Fired FBI Director James Comey recently sat down for a lengthy and wide-ranging interview with ABC’s George Stephanopoulos, a significant part of which dwelt on how he handled the separate FBI investigations of the two 2016 presidential nominees, Democrat Hillary Clinton and Republican Donald Trump.
According to The Hill, Comey at one point spoke about a meeting he had with former President Barack Obama just one day after the 2016 election, during which the then-director revealed his personal feelings — and perhaps inherent bias — toward the incoming president-elect.
Comey related that Obama had reassured him that he had handled the FBI investigation of Clinton as best as he could, a reassurance Comey took to heart as many other Democrats blamed him for Clinton’s loss.
“I said to him — ‘Mr. President,’ first of all, I said, ‘Thank you, Mr. President. It has been a nightmare. I’m just — I’ve just tried to do the right thing.’ And he said, ‘I know. I know,’ stated Comey, according to a transcript of the interview.
“And then I said, ‘I think my wife would kill me if I didn’t take this chance to thank you, and to tell you how much I’m going to miss you,'” he continued.
“And — and also to t — I told him that, ‘I dread the next four years. But in many ways, I feel great pressure to stay to try and protect the institution I lead,'” he added.
Stephanopoulos pressed as to what exactly prompted Comey to feel “dread” about the next four years under a Trump administration.
Comey replied, “Well, I had some sense of the nature and character of the new president of the United States. And I worried very much that there would be an effort to erode the independence of the FBI.”
The former director proceeded to explain how the FBI, despite being part of the executive branch via the Department of Justice, was nevertheless considered an “independent” agency that was apart from — while simultaneously still within — the executive branch.
“And I worried, given what I had seen during the campaign, that — that that effort to remain apart — might be challenged in — in a Trump administration. And — and I was right, but that’s what I worried about,” he added.
That admission right there — that Comey felt “dread” at the thought of working under President Trump — would seem to indicate a lack of impartiality on Comey’s part.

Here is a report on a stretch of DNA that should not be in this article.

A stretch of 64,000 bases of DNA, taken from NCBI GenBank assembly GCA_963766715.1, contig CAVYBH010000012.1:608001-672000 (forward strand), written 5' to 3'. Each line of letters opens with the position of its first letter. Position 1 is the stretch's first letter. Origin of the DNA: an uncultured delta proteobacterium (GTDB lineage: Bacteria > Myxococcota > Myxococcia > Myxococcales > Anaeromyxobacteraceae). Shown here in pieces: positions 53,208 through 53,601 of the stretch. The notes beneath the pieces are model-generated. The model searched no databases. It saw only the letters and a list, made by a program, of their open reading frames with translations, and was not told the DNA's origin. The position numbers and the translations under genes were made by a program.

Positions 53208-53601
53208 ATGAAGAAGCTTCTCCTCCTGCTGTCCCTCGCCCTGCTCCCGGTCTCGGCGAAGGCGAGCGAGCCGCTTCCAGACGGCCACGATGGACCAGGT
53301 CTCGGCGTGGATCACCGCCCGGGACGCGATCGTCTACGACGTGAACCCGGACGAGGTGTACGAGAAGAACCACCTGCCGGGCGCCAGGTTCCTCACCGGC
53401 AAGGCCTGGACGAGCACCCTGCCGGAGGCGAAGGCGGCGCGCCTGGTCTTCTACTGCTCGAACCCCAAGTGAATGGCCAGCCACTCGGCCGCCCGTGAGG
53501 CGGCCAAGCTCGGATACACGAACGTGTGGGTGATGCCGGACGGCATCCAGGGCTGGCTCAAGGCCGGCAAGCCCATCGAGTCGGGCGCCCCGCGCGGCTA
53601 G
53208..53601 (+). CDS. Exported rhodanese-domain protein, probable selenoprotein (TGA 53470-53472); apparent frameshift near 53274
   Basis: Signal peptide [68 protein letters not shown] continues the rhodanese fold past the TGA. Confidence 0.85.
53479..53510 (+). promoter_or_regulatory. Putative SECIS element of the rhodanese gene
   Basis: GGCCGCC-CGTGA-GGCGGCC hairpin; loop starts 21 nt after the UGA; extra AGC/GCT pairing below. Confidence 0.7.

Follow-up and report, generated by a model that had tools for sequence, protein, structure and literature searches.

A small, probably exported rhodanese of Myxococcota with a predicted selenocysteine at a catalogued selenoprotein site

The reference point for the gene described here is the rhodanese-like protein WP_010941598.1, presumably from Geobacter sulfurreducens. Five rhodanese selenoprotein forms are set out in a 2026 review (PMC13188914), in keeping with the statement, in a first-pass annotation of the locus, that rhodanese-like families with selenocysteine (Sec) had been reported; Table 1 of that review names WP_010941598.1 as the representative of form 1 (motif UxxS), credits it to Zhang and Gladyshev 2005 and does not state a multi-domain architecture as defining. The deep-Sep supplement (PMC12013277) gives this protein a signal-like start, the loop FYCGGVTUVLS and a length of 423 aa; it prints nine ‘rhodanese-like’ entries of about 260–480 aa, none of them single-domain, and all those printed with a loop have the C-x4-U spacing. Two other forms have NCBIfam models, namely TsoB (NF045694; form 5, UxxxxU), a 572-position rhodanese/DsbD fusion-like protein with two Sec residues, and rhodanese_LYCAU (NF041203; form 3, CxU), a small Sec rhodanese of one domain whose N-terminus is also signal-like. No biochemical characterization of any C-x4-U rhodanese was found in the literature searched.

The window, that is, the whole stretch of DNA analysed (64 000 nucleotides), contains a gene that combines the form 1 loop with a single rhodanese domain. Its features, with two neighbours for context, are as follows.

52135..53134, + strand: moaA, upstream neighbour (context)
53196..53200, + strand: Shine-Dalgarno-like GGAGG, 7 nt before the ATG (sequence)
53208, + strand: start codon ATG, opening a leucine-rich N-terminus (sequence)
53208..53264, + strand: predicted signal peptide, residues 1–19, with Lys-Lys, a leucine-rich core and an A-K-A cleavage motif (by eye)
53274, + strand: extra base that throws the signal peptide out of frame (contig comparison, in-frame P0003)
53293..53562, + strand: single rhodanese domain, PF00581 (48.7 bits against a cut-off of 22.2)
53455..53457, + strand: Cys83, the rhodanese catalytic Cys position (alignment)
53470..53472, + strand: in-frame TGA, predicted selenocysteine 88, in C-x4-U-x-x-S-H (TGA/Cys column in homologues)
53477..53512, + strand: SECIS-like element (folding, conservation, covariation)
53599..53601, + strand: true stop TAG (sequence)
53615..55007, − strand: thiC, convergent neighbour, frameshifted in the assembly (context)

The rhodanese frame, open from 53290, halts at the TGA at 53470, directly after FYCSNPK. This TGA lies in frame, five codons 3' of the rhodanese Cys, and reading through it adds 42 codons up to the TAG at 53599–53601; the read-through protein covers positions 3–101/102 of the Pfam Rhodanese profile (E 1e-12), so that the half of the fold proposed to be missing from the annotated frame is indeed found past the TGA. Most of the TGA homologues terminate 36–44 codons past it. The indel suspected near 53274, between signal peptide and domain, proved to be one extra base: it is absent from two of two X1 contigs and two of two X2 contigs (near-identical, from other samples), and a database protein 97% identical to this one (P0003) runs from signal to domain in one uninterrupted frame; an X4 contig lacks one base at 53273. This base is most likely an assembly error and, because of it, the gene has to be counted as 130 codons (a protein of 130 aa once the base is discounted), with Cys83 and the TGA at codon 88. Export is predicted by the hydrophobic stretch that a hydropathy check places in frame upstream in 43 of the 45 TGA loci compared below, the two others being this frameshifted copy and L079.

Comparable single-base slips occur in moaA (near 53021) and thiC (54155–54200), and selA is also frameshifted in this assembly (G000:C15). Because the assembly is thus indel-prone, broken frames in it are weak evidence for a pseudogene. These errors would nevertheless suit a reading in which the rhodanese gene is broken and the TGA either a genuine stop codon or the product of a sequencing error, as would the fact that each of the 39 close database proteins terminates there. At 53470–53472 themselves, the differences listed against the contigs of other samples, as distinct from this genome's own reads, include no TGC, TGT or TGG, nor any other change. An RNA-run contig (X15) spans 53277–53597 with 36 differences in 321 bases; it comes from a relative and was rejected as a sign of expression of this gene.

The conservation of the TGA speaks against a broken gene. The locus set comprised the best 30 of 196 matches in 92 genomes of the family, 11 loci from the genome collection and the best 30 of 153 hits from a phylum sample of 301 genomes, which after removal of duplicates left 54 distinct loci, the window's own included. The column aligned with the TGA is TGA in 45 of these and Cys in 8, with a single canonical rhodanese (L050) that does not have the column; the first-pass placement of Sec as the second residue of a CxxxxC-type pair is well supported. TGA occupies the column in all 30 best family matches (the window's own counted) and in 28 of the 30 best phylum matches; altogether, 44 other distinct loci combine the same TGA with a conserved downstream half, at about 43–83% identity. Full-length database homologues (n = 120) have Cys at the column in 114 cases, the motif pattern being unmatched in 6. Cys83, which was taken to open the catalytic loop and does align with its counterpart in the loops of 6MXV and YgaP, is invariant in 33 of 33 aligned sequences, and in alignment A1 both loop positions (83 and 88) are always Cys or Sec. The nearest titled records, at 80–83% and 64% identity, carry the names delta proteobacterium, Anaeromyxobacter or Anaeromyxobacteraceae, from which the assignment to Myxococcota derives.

That lack of impartiality toward Trump was further cemented by other remarks Comey made throughout the lengthy interview, such as his admission that his wife and daughters were huge supporters of Clinton and staunchly opposed to Trump, so much so they participated in the “women’s march” in Washington the day after Trump’s inauguration.
Comey’s bias was also revealed at various points throughout the interview simply by the deferential manner in which he spoke about Obama as compared to the decided lack of respect he holds for Trump — though getting fired has conceivably colored his outlook on things at this point.
It was further revealed as he recalled the briefing he and others delivered to then-President-elect Trump during the transition period at Trump Tower — when Trump was first informed of Russia election interference efforts and the existence of the Steele dossier — where Comey described Trump as something of a mafia boss who was attempting to co-opt intelligence community leaders into becoming part of the “Family.”
Based upon Comey’s interview with Stephanopoulos, it has become readily apparent that Comey was not impartial when it came to Trump, and there most likely could have been little if anything Trump could have done to change Comey’s preconceived notions in regard to the incoming president.
James Comey may have felt “dread” at the thought of working under a Trump administration, but tens of millions of American voters felt even greater dread at the thought of the country being under a potential Clinton administration. Luckily, one of those dreadful situations was avoided in 2016.
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